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ORNL


— 3D Printing

ORNL unveils 3D-printed Shelby Cobra in Detroit

By - January 13, 2015 97 Pictures
It stands to reason that if you had a big enough 3D printer, one of the first things you would do is print a replica of a vintage 1965 Shelby Cobra sportscar, and that's what the Oak Ridge National Laboratory (ORNL) did for the 2015 North American International Auto Show (NAIAS) in Detroit. The result of a project that took only six weeks from conception to finished product, the vehicle not only celebrates the Shelby Cobra's 50th anniversary, but also acts as a demonstration of modern additive manufacturing and rapid prototyping technology. Read More
— Science

Water droplet networks could harvest water from fog

By - May 14, 2014 1 Picture
Harvesting water out of thin air, might seem like a pipe dream, but the air-stable water droplet networks, currently being developed by Oak Ridge National Laboratory (ORNL) researchers could prove to be a step in the right direction. Created with the aid of a new technique, these water droplet networks could also potentially find use in membrane research and biological sensing applications. Read More
— Science

Dual-functioning electrolyte improves capacity of long-life batteries

By - May 4, 2014 2 Pictures
The three main components of a battery's makeup: the anode, cathode and the ion-conducting electrolyte, have been long understood to serve separate, independent functions. A team of researchers at the US Department of Energy's Oak Ridge National Laboratory (ORNL) is seeking to challenge this theory, experimenting with a dual functioning electrolyte that supplements the cathode to significantly improve the capacity and longevity of long-life batteries. Read More
— Science

Oak Ridge unveils Titan, the world's most powerful supercomputer

By - October 29, 2012 6 Pictures
The U.S. Department of Energy's Oak Ridge National Laboratory (ORNL) has just introduced Titan, the world’s most powerful supercomputer. The size of a basketball court and using enough power to run a small town, the water-cooled circuits of Titan are capable of 20 petaflops or 20,000 trillion calculations per second. This makes Titan ten times more powerful than ORNL’s previous computer, Jaguar and 200,000 times more than the average PC. What’s more, it achieves this through components originally created for gaming computers. Read More
— Architecture

ORNL roof-and-attic system keeps houses cool in summer, warm in winter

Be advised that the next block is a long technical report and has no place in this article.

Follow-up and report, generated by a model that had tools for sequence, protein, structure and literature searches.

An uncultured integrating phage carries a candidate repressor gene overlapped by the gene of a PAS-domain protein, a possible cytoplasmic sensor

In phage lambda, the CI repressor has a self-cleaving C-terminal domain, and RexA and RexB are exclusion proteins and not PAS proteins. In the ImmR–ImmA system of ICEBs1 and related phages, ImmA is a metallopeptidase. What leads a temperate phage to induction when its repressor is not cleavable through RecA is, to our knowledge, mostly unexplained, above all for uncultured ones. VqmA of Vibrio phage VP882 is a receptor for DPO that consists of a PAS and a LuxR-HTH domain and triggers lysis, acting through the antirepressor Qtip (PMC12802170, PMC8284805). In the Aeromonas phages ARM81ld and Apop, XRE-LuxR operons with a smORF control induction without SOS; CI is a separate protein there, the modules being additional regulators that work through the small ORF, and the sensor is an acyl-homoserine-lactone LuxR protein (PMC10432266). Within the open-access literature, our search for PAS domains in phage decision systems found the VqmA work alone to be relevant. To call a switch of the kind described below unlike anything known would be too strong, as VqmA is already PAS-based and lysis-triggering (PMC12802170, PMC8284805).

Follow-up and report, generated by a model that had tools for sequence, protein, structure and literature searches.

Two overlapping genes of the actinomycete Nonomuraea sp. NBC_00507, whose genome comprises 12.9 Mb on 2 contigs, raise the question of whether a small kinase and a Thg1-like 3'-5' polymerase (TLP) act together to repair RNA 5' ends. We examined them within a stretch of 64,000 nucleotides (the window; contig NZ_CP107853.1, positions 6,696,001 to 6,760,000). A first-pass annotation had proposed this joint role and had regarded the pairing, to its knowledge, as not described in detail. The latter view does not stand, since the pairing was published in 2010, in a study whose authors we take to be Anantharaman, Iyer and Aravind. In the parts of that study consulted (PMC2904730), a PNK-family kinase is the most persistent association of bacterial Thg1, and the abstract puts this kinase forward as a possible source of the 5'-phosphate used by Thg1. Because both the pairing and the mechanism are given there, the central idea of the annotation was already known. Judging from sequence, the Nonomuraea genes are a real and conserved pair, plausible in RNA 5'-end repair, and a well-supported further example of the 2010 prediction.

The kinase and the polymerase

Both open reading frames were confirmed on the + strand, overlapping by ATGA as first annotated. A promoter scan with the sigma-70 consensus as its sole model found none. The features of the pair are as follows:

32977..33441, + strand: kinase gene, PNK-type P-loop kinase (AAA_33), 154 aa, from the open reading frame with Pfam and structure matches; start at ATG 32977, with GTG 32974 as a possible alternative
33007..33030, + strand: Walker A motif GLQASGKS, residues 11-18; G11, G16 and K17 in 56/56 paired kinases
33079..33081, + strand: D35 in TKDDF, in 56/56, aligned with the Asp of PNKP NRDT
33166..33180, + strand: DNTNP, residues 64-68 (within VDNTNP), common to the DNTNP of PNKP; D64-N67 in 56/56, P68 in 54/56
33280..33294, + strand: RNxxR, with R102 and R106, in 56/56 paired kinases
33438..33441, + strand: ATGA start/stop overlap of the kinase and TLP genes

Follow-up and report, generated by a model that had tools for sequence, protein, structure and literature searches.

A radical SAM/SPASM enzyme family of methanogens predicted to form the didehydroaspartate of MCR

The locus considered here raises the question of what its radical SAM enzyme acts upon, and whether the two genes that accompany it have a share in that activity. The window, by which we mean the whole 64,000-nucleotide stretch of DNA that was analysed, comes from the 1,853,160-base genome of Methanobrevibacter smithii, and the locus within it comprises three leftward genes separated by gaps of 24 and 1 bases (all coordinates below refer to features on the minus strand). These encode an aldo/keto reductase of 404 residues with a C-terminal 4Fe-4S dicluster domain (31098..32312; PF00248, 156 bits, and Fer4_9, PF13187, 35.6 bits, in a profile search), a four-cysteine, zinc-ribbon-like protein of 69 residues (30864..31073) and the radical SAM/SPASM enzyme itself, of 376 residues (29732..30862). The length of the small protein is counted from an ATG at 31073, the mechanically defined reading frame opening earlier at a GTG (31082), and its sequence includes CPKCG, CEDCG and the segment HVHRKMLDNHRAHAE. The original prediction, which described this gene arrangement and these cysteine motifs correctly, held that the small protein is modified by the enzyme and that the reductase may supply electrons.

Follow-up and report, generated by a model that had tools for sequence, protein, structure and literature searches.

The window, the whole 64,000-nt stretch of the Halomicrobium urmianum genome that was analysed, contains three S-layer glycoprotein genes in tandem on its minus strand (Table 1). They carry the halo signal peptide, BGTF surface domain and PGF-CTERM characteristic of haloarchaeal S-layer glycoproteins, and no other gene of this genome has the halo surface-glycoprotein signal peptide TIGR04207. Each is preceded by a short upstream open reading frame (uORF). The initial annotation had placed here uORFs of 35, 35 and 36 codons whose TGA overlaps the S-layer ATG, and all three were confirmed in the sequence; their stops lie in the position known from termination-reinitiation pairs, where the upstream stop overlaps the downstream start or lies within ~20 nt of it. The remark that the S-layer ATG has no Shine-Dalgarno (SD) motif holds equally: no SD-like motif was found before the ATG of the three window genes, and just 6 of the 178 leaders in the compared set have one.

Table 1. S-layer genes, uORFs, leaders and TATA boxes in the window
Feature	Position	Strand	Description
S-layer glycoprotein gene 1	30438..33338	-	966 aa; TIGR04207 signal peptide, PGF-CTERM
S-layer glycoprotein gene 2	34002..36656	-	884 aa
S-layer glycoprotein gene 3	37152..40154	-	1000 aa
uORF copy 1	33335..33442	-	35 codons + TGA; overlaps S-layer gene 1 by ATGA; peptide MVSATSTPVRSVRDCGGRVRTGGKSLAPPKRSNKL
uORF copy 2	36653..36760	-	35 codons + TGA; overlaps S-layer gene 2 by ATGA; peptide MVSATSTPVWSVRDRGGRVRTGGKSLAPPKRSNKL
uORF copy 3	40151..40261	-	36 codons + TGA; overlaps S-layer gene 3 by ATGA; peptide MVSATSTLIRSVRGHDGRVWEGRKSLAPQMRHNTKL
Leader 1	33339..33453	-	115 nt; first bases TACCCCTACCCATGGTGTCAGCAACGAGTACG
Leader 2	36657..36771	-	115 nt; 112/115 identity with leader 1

By - September 10, 2012 1 Picture
Heating and cooling a house are two of the biggest ongoing costs for homeowners and are responsible for the bulk of the average household’s energy consumption. A new kind of roof-and-attic system field tested at the DoE’s Oak Ridge National Laboratory (ORNL) improves the efficiency of both winter heating and summer cooling. Importantly, the new system can be retrofitted to most existing roofs. Read More
— Science

Oak Ridge develops improved way of extracting uranium from seawater

By - August 22, 2012 1 Picture
The world’s estimated reserves of uranium are only 6 million tons and with the growing demand for reliable energy free of greenhouse emissions leading to more and more nuclear plants being built, that supply may not last very long. Some estimates place the time before all the uranium is gone at between 50 and 200 years. However, the oceans of the world contain 4.5 billion tons of uranium dissolved in seawater. That’s enough to last something on the order of 6,500 years. The tricky bit is getting it out, but a team at Oak Ridge National Laboratory, Tennessee has come a step closer to economically extracting uranium from seawater with a new material that is much more efficient than previous methods. Read More
— Medical

New concept could lead to low-cost DNA sequencing in everyday clinical practices

By - May 1, 2012 1 Picture
Doctors and scientists wishing to decode a human genome can now do so in a day for US$1,000 a pop using the recently-released Ion Proton sequencer. With a price tag of $149,000, though, the machine isn’t cheap – nor is it the be-all and end-all of desktop gene sequencing. For one thing, the tiny $900 MinION sequencer should be available soon. Also, a team of scientists from Oak Ridge National Laboratory and Yale University have now developed a concept of their own, which could end up providing an even less expensive high-speed sequencer. Read More
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